G-7 Sanctions on Russian Gold Could Backfire
Russia is the world’s second largest producer of gold.
When the London Bullion Market Association delisted Russian gold refiners in March, many expected the move would push gold prices higher. Instead, the gold price has fallen roughly $100/oz.
Over the weekend, leaders of the G-7 nations announced formal sanctions on the import of gold from Russia. That move is expected to be largely symbolic because the LBMA and Western refiners, many of which are located in Switzerland, volunteered to ban imports shortly after the war began.
There is some question as to how effective the self-imposed restrictions were working.
Russia reportedly shipped three tons of gold into Switzerland in May. Refiners there all deny being involved.
Now that official sanctions are in place, there are theoretical consequences for further imports. Maybe the move by the G-7 will impact the gold markets, at least temporarily. The effects will almost certainly not be major and long-lasting.
Markets adjust. The prices of commodities where Russia is a major exporter did spike higher immediately after Russia invaded Ukraine. Many of these commodities, including oil and wheat, have since corrected lower, giving back a good portion of those gains.
The truth is it is very difficult to enforce meaningful sanctions on a globally traded, fungible commodity such as gold or oil. It is impossible when the sanctions are not universally adopted. China, India, and many other nations have no interest in joining the sanctions regime.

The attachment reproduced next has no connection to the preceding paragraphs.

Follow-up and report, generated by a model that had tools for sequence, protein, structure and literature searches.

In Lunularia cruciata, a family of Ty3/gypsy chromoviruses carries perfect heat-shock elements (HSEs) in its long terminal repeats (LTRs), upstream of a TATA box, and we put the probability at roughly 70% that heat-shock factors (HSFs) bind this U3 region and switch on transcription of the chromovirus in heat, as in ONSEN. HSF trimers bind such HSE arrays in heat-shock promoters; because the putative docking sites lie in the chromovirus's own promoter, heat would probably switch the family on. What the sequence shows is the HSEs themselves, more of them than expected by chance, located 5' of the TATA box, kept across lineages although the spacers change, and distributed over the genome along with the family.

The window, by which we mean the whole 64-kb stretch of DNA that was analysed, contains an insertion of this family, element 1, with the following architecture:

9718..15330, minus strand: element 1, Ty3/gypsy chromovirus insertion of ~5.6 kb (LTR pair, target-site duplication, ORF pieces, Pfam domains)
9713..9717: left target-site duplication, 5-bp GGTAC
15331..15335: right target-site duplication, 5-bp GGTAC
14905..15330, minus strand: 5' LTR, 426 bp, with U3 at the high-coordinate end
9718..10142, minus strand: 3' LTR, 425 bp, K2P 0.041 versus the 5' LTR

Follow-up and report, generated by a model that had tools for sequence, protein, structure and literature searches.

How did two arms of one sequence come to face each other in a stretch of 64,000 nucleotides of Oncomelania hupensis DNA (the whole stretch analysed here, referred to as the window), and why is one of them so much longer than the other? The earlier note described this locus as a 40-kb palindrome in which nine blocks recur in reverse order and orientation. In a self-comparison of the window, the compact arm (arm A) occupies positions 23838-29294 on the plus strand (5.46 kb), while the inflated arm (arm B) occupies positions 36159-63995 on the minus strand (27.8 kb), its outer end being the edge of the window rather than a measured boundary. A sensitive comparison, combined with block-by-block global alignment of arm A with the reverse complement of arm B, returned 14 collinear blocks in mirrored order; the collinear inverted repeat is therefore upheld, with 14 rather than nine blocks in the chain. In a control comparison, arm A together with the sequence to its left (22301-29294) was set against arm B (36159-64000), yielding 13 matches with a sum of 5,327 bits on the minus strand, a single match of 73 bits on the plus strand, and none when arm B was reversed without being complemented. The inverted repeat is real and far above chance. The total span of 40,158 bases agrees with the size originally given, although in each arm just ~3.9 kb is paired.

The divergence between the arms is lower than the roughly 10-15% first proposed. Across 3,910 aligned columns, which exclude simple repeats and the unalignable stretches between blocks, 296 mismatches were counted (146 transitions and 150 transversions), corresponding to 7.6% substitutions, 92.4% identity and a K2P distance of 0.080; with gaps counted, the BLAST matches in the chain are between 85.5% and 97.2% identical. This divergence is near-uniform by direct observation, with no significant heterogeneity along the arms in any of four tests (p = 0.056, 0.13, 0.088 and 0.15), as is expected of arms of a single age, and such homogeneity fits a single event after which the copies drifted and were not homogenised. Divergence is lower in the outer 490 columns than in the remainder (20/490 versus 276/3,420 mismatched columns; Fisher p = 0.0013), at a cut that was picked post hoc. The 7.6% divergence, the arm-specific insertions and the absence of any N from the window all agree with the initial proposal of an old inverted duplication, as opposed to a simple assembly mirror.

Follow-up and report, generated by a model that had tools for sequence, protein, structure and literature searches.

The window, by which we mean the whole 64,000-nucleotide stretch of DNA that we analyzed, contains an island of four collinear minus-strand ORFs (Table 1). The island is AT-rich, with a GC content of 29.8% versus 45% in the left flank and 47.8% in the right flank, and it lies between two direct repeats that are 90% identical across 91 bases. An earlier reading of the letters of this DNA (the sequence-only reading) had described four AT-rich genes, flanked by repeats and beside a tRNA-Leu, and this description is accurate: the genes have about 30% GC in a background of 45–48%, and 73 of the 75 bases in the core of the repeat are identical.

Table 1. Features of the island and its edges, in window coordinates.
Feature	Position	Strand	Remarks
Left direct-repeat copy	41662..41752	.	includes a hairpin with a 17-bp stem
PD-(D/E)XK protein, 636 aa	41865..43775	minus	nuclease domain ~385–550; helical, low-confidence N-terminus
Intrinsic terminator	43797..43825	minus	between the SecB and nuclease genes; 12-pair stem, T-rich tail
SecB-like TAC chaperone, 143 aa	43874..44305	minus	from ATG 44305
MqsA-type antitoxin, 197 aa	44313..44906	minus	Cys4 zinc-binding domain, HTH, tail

There is nothing stopping enterprising refiners in places like India from melting Russian gold and making new bars with an acceptable hallmark for re-export to the West. It is not difficult to obscure the origin of the metal.
Thus far, at least, Russian producers remain happy to sell the metal to trading partners in the East (or to Westerners willing to circumvent the rules). Demand is not going unmet.
Vladimir Putin is openly hostile to the Federal Reserve Note as the world’s reserve currency. He has promoted alternatives, including a currency backed, at least in part, by gold.
He understands Western Central banks and governments do not want surging gold prices to be paired with the dramatic price inflation already underway.
Instead of theatrics, Putin could impose genuine restrictions on exports and force the market to adjust to the absence of supply from the world’s second largest producer. He might be happy to have the Central Bank of Russia buy up domestic supplies of gold and watch international spot prices, along with the value of the ruble, shoot higher.
It would not be out of character for Putin to call the G-7’s bluff.